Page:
In the natural products industry, image is everything. Health and wellness organizations work very hard to establish themselves as reputable companies that operate with integrity and honor. But in a regulatory environment that includes increased FDA oversight and implementation of cGMPs (among other certifications), several natural products companies have recently had brushes with the FDA.
In fact, according to Forbes.com, a new study indicated that dietary supplements accounted for more than half of FDAs Class I drug recalls between 2004 and 2012. Class I is interpreted as supplements containing ingredients with a reasonable probability of causing serious adverse health consequences or death.
Of the 465 drugs subjected to a Class I recall in the U.S. between January 2004 and December 2012, 237 (or 51%) were dietary supplements. Not surprisingly, the three categories of supplements with the highest recalls were supplements for (1) sexual enhancement, (2) bodybuilding, and (3) weight loss where edgy marketing seems to entice consumers rather than legitimate science showing efficacy.
The supplement industry is robust, boasting 65,000 dietary supplement products taken by more than 150 million Americans. Rest assured, the FDA is very aware of these numbers and lies in waiting.Indeed, several natural products companies have had to deal with the unpleasant realization of product recalls. And this nasty scenario can undo years of image building and millions of dollars worth of marketing and branding.
How can a natural products company minimize the damage when confronted with this painful scenario? Well, in a word, your crisis management team has to be proactive. A public relations nightmare, such as an FDA product recall, can break your business.
The following are a few thoughts on how to deal with a public relations crisis:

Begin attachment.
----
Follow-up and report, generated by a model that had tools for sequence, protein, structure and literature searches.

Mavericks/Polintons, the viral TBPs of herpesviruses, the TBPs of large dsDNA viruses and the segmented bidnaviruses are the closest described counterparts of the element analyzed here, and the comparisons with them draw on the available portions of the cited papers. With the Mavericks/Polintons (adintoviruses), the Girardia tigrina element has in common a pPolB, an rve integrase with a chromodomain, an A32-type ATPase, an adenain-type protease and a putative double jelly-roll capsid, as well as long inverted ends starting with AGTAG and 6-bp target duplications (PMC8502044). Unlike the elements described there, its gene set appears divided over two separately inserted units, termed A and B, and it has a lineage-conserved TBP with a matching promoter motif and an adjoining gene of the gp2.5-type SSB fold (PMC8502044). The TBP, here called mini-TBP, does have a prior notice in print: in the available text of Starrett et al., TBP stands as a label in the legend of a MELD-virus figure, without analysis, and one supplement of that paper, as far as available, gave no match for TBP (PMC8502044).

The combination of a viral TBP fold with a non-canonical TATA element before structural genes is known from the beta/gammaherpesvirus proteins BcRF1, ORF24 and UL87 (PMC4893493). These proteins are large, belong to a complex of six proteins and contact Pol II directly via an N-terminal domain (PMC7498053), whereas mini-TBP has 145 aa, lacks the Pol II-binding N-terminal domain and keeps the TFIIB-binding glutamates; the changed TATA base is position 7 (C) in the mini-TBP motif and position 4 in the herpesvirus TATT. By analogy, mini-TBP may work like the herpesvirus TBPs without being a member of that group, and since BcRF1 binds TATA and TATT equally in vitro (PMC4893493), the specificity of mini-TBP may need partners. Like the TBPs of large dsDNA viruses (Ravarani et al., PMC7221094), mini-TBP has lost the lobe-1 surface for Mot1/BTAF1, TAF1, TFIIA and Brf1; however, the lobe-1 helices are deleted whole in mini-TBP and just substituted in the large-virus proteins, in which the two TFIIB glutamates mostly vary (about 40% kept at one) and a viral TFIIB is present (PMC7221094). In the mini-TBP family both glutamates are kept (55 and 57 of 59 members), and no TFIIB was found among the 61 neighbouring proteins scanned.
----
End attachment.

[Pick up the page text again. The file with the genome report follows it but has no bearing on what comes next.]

Develop a plan: This will minimize mistakes. If a plan is not in place, critical mistakes will be made when trying to address the situation. Part of the plan includes prioritizing an immediate solution. From the very beginning, you must create a solution and communicate specific details. These actions will show your customers that they are truly the top priority.
NEVER go dark: Own your error(s) and take immediate responsibility. Not only is this the right thing to do, it gives your crisis team control of the media and ensuing storylines. A resolute conclusion of the problem will not only earn customer trust, but enhance it!
Do not lie: Deception will be your downfall. If you are caught in lies and deception (and you will be) you will see a disconcerting decrease in customers. And prospects wont trust you. In short, youll be finished.
Seek support from a prominent industry player. This is a good time to call in favors to industry contacts who are opinion leaders. Public support from these key players will go a long way toward minimizing a hit to your image.
Reach out to your customers: Your company must listen to and address its customers. The people who buy your products will make or break you moving forward. During a PR crisis, this is a 24/7 job. And if a customer engages you, a response has to be immediate.
Plan for post-crisis: The primary focus of post-crisis communications is ensuring the organization follows up with key groups to further cement a positive relationship going forward. The first step, however, is to make sure the crisis is, in fact, over. Moreover, even if the media is no longer inquiring about the crisis, the crisis management team must follow-up with reporters and editors to ensure they have all the necessary information. It is also important to provide any new details about the crisis. Proactively dealing with the media in post-crisis communications will help to establish trust with both the media and your customers, who will be reading these media reports.
In this age of diverse media platforms, including social media, news travels at lightning speed. Therefore, in the event your company should encounter a public relations crisis, be proactive. Develop a thorough crisis communication plan that will address this new, diverse media world. Saying it will never happen to us is not good enough.